National Moot Court Team earns its way to semifinals
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Office of Communications and Public Relations
November 16, 2010
The Wake Forest University School of Law National Moot Court Team competed in the Richmond regional on Nov. 5-6 and won three out of four matches, making the semifinals and falling just short of a trip to the national finals.
The team is made up of Luke Macdowall (’11), Katie Serfas (’11) and Rebecca Wood (’11).
Twenty teams from law schools in North Carolina, Kentucky, Virginia and West Virginia compete in the regional, with the top eight advancing to elimination rounds and the top two advancing to the finals in New York City.
This year’s problem included two issues: the proper test for a preliminary injunction when the likelihood of success cannot be determined with certainty, and whether ERISA preempts a particular city health care ordinance. Wood argued both sides of the preliminary injunction issue, while Serfas argued that the ordinance was preempted, and Macdowall argued that it was not.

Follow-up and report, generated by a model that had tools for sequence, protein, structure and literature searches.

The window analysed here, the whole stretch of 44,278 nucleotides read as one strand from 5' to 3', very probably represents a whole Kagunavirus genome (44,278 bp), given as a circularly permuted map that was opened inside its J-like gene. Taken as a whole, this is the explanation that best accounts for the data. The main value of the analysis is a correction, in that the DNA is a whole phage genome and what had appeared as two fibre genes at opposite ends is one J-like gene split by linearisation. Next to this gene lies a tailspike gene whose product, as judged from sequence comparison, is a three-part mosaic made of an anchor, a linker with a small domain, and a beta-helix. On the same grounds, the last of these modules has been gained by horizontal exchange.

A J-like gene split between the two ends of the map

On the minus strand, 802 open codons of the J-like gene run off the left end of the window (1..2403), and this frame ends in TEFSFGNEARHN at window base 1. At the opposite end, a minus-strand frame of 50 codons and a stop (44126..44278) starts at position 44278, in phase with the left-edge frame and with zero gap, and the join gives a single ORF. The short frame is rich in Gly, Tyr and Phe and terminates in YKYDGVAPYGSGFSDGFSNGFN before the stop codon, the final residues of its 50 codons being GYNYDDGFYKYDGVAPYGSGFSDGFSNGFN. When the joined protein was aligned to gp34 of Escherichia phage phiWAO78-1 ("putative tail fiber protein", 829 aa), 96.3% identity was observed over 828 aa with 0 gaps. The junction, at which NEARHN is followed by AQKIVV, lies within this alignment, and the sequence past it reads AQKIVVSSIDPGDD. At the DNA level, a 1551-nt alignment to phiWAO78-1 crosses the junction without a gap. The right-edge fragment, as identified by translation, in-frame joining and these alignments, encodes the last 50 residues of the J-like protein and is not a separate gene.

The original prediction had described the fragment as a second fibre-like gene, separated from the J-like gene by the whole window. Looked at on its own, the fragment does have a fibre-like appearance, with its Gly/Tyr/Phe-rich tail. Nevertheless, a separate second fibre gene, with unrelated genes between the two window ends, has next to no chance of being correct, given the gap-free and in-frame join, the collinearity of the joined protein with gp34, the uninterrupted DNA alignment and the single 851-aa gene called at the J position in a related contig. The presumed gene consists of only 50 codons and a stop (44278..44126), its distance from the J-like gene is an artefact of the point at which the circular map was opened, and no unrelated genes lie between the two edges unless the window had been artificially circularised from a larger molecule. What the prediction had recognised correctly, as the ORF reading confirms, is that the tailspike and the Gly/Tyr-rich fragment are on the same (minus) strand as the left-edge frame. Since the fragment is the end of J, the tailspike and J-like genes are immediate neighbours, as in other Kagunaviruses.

On Friday morning, Wake Forest won its first match, against a team from West Virginia University, overcoming a lower brief score with a great oral argument, according to Kelly Beth Smith, Wake Forest Moot Court Chief Justice .
In the second round, on Friday afternoon, Wake Forest topped a team from the University of Kentucky in both its brief and oral argument scores. At 2-0, Wake Forest thereby made the top eight and advanced to Saturday’s elimination rounds.
In the quarterfinals Saturday morning, Wake Forest beat a team from George Mason, earning a higher brief score and higher argument score. Then it was on to the semifinals, where Wake Forest faced Duke. Wake Forest’s brief score was a point higher than Duke’s, but Duke narrowly won the match due to the oral argument scoring, which could have gone either way, according to Smith.
The team’s coach, Professor John Korzen, says the law school community should be very proud of the team.
“All three team members did a great job on their brief and preparing for oral arguments,” he said. “The team had only about two weeks to prepare for the regional, because briefs were due Oct. 18. The judges praised various aspects of all the team members’ arguments, especially how well the team responded to questions directly. I could not be more proud of this team.”